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Time and Tide in Sarajevo by Bronwyn Birdsall


Evelyn is teaching English in Sarajevo, a beautiful city still recovering almost two decades after the long and brutal siege in the 1990s.

Life in the city is tenuous yet welcoming. Dedicated to her work preparing high-schoolers for a scholarship that could change the course of their lives, Evelyn feels more herself here than at home in Australia. But when the teenage son of a local hero is stabbed and it seems like a cover-up will let the killer go free, Sarajevans take to the streets in protest.

When Evelyn discovers evidence that could ignite the volatile situation, putting both her students' ambitions and her friendships at risk, she faces an impossible decision.

Gripping and heartfelt, Time and Tide in Sarajevo asks: how do we find hope in a world that feels beyond repair?

Time and Tide in Sarajevo. What can I say? I loved it. I absolutely loved it. It is a must read for everyone. I will admit when I started reading the story, I struggled to determine its purpose. Why did Bronwyn focus on this? Why does the protagonist seem so out of place? What’s missing in this story? But I read on. And boy, am I glad I did.

Bronwyn writes with a type of precision that only comes from within. The story is crafted with meticulous sentences (though toward the end the writing did slip a little), and Bronwyn balances action and tension and authentic dialogue and introspection so well. I found myself pausing at certain moments. Much of this pleasure comes from the way Bronwyn has incorporated the culture of Bosnia through the language. Her choice of Bosnian words to italicise were spot on—it made me nostalgic for a time that once was. Bronwyn’s world building was also a pleasant surprise—the coffee drinking, the politics, the sharp dialogue—and it was a surprise because Bronwyn constructed this world of Sarajevo as she knew it with such cultural sensitivity that it didn’t make me feel like she was imposing herself onto the scene through her writing.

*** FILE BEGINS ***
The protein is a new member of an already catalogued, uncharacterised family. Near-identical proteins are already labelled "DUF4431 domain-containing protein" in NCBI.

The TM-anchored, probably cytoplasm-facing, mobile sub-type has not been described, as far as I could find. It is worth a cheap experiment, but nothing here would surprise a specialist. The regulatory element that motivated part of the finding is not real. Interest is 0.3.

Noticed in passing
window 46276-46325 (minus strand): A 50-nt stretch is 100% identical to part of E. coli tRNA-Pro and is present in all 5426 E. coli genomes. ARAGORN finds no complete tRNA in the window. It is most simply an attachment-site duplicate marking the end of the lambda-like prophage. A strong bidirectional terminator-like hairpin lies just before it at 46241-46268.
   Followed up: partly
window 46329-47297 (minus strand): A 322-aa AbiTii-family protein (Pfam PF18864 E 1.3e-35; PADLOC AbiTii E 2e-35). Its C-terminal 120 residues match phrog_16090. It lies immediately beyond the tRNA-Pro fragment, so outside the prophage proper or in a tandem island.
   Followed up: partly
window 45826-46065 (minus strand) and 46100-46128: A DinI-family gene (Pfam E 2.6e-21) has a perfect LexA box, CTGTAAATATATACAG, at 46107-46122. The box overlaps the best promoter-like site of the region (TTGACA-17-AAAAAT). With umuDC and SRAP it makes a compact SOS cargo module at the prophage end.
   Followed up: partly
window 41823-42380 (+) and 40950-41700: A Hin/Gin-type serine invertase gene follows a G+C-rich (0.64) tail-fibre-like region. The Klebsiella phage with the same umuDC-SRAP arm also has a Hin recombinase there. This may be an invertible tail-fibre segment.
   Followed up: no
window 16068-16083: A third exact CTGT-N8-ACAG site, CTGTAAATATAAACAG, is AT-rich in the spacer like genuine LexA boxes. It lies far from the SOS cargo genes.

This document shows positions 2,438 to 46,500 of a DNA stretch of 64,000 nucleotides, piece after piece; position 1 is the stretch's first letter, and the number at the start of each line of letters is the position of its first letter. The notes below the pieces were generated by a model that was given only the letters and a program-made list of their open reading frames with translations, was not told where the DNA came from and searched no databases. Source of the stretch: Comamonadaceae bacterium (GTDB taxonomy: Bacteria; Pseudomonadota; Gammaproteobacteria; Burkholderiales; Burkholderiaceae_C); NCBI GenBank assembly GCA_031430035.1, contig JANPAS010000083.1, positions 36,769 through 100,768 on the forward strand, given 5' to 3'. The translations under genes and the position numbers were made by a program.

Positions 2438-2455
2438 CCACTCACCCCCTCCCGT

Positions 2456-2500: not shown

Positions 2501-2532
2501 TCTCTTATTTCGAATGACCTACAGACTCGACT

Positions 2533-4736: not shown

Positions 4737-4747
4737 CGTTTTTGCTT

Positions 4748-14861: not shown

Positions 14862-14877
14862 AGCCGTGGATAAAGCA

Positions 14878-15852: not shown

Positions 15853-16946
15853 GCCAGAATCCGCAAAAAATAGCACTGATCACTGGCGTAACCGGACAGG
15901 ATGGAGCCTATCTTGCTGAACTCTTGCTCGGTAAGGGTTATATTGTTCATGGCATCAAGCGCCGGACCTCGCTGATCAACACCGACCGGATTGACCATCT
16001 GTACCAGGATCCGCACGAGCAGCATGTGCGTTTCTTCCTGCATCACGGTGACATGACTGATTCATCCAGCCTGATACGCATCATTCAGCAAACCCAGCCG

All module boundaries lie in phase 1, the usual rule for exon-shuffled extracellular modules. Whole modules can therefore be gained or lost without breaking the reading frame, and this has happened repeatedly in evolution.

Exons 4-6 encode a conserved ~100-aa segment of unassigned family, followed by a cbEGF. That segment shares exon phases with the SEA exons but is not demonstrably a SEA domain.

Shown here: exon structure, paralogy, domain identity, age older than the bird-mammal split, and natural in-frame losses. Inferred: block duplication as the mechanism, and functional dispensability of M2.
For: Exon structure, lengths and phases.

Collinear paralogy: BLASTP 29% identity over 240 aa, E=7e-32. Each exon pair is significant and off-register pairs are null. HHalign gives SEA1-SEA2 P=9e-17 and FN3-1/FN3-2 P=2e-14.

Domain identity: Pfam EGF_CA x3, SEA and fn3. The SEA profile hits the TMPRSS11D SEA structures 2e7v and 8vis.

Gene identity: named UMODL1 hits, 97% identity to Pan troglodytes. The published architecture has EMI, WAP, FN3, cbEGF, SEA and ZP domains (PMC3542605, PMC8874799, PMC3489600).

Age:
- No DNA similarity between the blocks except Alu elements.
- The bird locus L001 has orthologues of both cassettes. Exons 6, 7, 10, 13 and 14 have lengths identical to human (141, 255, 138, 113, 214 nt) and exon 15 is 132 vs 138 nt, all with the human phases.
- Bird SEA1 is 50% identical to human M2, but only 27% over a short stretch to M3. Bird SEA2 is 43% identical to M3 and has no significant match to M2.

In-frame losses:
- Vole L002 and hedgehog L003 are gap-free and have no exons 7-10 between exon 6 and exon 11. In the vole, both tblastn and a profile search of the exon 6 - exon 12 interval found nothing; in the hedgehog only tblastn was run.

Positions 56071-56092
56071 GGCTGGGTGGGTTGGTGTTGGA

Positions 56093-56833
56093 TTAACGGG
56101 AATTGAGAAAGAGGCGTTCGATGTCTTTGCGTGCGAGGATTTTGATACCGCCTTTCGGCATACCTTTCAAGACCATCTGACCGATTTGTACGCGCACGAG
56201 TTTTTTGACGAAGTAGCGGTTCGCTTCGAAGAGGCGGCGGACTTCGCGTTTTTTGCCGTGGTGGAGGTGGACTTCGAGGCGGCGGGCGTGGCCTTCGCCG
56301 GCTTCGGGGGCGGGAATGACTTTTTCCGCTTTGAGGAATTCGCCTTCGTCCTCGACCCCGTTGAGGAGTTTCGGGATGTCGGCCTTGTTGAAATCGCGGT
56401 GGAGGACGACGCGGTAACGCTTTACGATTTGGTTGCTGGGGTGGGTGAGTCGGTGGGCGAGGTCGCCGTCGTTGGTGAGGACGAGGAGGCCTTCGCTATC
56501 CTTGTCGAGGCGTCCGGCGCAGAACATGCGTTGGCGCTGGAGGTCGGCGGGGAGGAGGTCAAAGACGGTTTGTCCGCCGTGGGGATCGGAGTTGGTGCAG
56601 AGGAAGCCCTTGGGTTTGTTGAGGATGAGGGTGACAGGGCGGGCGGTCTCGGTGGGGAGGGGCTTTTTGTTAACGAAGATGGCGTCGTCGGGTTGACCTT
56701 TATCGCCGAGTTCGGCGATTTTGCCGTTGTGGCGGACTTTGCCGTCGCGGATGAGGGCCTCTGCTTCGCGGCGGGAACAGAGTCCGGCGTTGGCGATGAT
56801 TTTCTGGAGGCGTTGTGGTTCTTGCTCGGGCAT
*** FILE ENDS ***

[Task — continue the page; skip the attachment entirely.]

This brings me to Evelyn. I didn’t really enjoy Evelyn as a character. I found her inner conflict and turmoil a little difficult to relate to, only because she appears so out of place throughout the entire novel. BUT… the beauty of reflection, and as I write this review, is that this is the whole point. Evelyn is an outsider. She doesn’t belong, and she knows this. The characters around her, which act more as protagonists than Evelyn herself, are what drive the story forward. Evelyn is just an observer, learning the ways of Bosnian culture, politics, life. She, too, like Bronwyn with her writing, doesn’t want to impose herself onto a world that is not her own.

The novel takes place within a span of a few days—this is testament to Bronwyn’s gift as a writer. The story is tight; the tension builds slowly but surely, hour by hour, and follows the unfolding of events from the ground in a way that surprises not only the readers, but the characters in the story, too. The way the story ends can seem a little implausible for certain readers, but it is very authentic to how politics runs in a country as complex as Bosnia. This is because Bosnia is a place that is plagued by post-war inter-generational trauma. It is still healing, so there are broken pieces yet to be found.

While Bronwyn does do justice to the world building, there were moments where I lost my sense of place while reading the novel. What is happening and where is it happening were questions that often popped into my mind. I also found it difficult to accept the relationship Evelyn had with certain characters—there were lots!—but I guess that can come down to perspective: is it because Evelyn is just a reserved person so we don’t get to see that relationship build up? Whatever the case, the quick connections and introductions to multiple characters jarred the pace of the story for me, just a tiny bit.

Time and Tide in Sarajevo does a superb job at exploring the everyday. It is a novel that has you holding your breath while also allowing you to relax and enjoy life as it comes. It makes you think deeply about life and love and our place in this world. I highly recommend it!

If you enjoyed this review, listen to my conversation with Bronwyn about her fantastic debut novel here.

How would you rate this book?

  • Loved it!

  • It was alright.

  • Not a fan!

  • It's on my TBR pile.

Until next time,

Mirela Cufurovic


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